Bad Times at the El Royale: the Tarantino-esque throwback you didn’t know you needed

By Leigh Monson
   Writer-director Drew Goddard is no stranger to character-centric dramatics, as he previously directed the horror deconstruction The Cabin in the Woods and is likely best known for writing The Martian, films both renowned for their performances and their understanding of how people act under restricted conditions. Bad Times at the El Royale is Goddard’s first time directing a script he wrote, and the result is decidedly reminiscent of early Tarantino work, like Reservoir Dogs or Pulp Fiction, placing a handful of colorful strangers in a closed, adversarial situation as they unravel the mysteries of each other’s backstories and how they interrelate to one another.
   In 1969, few people come to the hotel El Royale, which straddles the line between California and Nevada. And yet one day sees the disoriented concierge (Lewis Pullman) welcoming four strangers to the hotel: a kindly priest who seems to be hiding something behind his gracious smile (Jeff Bridges); a singer on her way to Reno with only her bedrolls for company (Cynthia Erivo); a smooth-talking vacuum salesman who is perhaps too eager to uncover the secrets of his fellow patrons (Jon Hamm); and a rude young woman who only signs the guestbook with two words that rhyme with “Huck New” (Dakota Johnson). As each of these characters is revealed to be more than they say, their conflicting motives threaten to destroy them all, leaving the El Royale as the last place they ever stay the night.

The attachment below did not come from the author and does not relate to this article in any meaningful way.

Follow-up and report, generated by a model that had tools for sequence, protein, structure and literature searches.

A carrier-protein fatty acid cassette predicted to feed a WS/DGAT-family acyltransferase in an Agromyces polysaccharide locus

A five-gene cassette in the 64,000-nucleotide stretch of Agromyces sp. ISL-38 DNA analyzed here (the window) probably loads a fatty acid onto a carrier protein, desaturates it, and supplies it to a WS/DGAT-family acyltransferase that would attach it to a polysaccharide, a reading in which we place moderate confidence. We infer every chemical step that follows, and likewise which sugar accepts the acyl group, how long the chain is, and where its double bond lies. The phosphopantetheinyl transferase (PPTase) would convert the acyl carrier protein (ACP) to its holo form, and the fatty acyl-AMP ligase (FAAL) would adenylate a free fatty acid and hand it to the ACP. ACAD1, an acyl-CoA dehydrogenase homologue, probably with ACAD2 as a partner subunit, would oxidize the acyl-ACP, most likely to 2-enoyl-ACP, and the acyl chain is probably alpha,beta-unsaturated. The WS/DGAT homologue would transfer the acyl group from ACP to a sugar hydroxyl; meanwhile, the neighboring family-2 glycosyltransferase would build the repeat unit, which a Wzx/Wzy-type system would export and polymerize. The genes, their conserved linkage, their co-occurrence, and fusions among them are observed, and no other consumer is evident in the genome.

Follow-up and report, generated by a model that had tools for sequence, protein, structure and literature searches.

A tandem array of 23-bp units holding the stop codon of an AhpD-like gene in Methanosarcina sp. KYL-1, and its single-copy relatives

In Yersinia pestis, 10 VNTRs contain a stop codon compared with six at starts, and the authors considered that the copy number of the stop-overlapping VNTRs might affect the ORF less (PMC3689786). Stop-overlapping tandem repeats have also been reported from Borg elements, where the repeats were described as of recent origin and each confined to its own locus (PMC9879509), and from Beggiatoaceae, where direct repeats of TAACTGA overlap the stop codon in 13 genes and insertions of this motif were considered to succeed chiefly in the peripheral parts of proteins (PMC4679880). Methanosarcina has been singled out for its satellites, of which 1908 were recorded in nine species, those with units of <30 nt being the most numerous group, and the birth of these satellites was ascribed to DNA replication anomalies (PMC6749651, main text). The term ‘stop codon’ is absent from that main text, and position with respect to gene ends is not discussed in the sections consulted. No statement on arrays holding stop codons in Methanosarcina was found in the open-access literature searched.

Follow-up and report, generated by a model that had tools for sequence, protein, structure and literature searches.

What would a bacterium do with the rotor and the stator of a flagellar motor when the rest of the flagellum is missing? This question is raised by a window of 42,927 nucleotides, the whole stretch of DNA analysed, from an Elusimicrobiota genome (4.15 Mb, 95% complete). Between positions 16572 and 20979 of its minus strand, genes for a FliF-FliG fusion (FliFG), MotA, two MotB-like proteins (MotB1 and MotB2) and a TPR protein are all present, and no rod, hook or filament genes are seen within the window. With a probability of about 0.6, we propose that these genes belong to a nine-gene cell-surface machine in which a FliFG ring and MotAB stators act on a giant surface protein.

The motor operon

Bad Times at the El Royale is defined by its Acting with a capital A. Scenes go long as actors monologue and converse their way through a puzzle box plot that doesn’t need to be as obtuse as it is, yet is made to be engrossing by the skill of the actors tasked with conveying it. Bridges is the star the film leans on the most, as the priest has what is probably the twistiest and most complex motivation and personal tragedies, but the big revelation here is Erivo, whose history as a stage performer informs a dramatic gravitas that translates into a surprisingly magnetic screen presence. This may be because El Royale’s long-scene construction lends the film a theatrical quality, but make no mistake in thinking El Royale could be anything but a cinematic film when the inevitable, shocking violence comes to the forefront.
   But for as much as the acting is enjoyable in terms of craft, scenes do tend to lean a bit on the indulgent side, necessitating a runtime that’s probably twenty minutes too long without having any real legitimate opportunities to leave scenes on the cutting room floor. The plot is tight, if a bit on the improbable side, but the dialogue has the potential to be exhausting, even if every line is about providing insight to this fascinating microcosm of shattered American dreams. Even so, Bad Times at the El Royale is anything but a bad time, and while it isn’t likely to be anyone’s favorite film this year, it’s a nice distraction from the already-mounting exhaustion of the Oscar season.

4/5 stars

Leigh Monson is technically a licensed attorney but somehow thinks being a film critic is a lot more fun. Leigh loves both award darlings and hilariously bad films, does not believe in superhero movie fatigue, and calls it like he sees it.